Tag Archives: Comic Life

Reflecting on ACTEM MAINEducation Conference

It’s early Saturday morning and I’m finally finding a minute to reflect on the annual ACTEM Conference where I presented this week.  One of my sessions was Promoting Literacy with Comic Life and, I must admit, I was feeling uneasy about it.  It was a one-hour session and I’m finding it harder and harder to do a good session in that short time period.  I’m also fighting a cold and had two other sessions to prepare so I was afraid I was giving it short shrift.  In a one-hour session, with as many people as I had in the room (I’m guessing around 50 or 60) I couldn’t really give them a hands-on experience so I opted to talk more about the “why” than the “how.”

I distributed my Promoting Literacy with Cartoons, Comics, and Graphic Novels notebook which now resides on the ACTEM server as a web notebook as well as a downloadable NoteShare notebook. We talked a lot about teaching with comics in general before we turned to a discussion of Comic Life.  The crowd was very receptive to the idea of using images and text, both as a medium for conveying content and another way for students to demonstrate their learning.  Once again, I found two subgroups among the participants who really get it: librarians and foreign language teachers.  I think librarians, for the most part, understand that comics and graphics novels are legitimate reading material and they belong in their collections.  Foreign Language teachers (and ESL teachers) have always used images for teaching vocabulary and they know how powerful dialog combined with pictures can be.

When it came time to talk about Comic Life, I wanted to do something different so we attempted to make a comic of Act I, Scene ii of Shakespeare’s A Midsummer Night’s Dream.  It’s the scene where Quince has gathered all his players to begin working on the play they will perform for the duke.  I had my colleague Phil help me, and we got some volunteers to wear various hats and took a bunch of pictures of them in various poses.  We downloaded the pictures to iPhoto and then opened Comic Life and began making a comic of the scene, translating the Elizabethan language into modern English.  It would have been better if I had a longer period of time to do it but I think they got the idea.

The best part of the session was when I asked the participants for ideas they had for using Comic Life. We always learn from the collective wisdom of the group.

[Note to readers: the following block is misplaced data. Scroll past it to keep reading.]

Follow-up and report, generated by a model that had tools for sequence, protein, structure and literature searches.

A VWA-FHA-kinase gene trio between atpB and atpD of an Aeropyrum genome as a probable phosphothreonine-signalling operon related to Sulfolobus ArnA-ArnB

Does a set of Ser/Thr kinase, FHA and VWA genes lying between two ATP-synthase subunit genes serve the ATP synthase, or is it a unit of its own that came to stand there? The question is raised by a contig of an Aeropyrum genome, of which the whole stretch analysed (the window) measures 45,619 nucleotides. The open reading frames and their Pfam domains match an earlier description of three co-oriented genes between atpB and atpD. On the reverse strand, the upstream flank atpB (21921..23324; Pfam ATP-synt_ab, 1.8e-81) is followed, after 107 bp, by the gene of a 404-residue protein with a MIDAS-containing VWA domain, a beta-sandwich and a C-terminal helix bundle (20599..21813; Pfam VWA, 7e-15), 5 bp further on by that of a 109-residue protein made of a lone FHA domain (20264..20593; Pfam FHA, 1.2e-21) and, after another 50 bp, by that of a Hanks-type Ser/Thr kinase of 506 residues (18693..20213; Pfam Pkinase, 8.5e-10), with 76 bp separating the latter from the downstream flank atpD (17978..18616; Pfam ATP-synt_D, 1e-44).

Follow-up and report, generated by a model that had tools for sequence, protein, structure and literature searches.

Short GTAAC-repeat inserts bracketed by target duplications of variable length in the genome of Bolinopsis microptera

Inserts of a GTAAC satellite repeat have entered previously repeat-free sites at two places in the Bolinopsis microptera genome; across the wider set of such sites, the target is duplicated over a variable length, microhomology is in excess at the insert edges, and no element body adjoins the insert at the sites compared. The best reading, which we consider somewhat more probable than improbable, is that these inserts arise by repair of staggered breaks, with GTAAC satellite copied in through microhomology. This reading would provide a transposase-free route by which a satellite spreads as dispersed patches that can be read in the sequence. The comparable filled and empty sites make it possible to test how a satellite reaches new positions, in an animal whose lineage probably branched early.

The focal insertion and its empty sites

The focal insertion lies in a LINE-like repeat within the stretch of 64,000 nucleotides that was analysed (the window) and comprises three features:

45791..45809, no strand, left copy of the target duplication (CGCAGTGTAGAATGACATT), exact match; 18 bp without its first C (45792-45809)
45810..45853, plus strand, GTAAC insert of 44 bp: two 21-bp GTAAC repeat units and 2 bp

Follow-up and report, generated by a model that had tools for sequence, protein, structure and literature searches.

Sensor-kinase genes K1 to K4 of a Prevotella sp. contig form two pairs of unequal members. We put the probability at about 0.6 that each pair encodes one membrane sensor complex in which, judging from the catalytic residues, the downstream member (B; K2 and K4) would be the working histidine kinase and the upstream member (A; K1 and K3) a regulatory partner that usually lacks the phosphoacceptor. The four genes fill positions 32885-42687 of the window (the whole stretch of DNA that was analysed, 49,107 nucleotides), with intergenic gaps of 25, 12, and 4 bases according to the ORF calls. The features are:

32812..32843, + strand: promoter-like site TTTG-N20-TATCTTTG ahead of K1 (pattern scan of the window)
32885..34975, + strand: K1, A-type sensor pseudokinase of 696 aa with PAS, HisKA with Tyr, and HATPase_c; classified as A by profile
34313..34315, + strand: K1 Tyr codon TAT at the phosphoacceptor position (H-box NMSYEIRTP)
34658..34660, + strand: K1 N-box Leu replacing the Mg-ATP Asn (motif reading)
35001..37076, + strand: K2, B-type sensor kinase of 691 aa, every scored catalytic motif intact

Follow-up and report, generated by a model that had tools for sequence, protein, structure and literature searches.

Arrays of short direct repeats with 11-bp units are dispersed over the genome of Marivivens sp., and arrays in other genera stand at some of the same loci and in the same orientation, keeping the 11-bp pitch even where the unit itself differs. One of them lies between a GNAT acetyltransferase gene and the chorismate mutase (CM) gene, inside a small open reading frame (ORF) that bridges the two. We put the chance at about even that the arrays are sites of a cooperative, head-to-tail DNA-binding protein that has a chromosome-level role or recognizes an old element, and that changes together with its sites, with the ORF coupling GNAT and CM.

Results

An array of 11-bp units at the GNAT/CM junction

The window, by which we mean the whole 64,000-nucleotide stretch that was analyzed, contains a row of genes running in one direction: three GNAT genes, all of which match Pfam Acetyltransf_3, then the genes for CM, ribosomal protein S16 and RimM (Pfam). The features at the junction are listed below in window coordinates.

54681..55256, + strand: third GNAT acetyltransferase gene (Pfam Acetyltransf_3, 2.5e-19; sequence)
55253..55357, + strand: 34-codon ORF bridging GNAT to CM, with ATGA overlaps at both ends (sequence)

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MLTI and Comic Life

In the fall of 2006 the Maine Learning Technology Initiative distributed new iBooks to all 7th and 8th grade teachers and students, replacing the four-year-old devices of the first deployment. These new laptops had some new software. One new title was Comic Life. I had seen it and even played with it a little beforehand but I really started thinking about it when it became available to everyone.

If you haven’t seen it, go to the Plasq site and take a look. It’s a tool that allows you to create comics using images from your photo collection. I knew right away that kids were going to love this but I wanted to have some solid rationale for having kids create comics (other than it’s fun). It turned out that there are lots of good reasons for using Comic Life in school and I’ll talk more about this in future posts.

Because of the sequential nature of comic art it became clear that teachers and students could use comics when explaining processes. Teachers could use it to demonstrate step-by-step directions. Students could use it as an alternative to the written science lab report. I needed an example of this so I turned to my resident artist (my son) and asked him to create a comic in Comic Life that would demonstrate a process and I suggested it would be cool if he used his drawings rather than photos. He agreed and made this little comic about how to make a comic with your own drawings:

Comic Life Tutorial

Sometimes a picture really is worth a thousand words.

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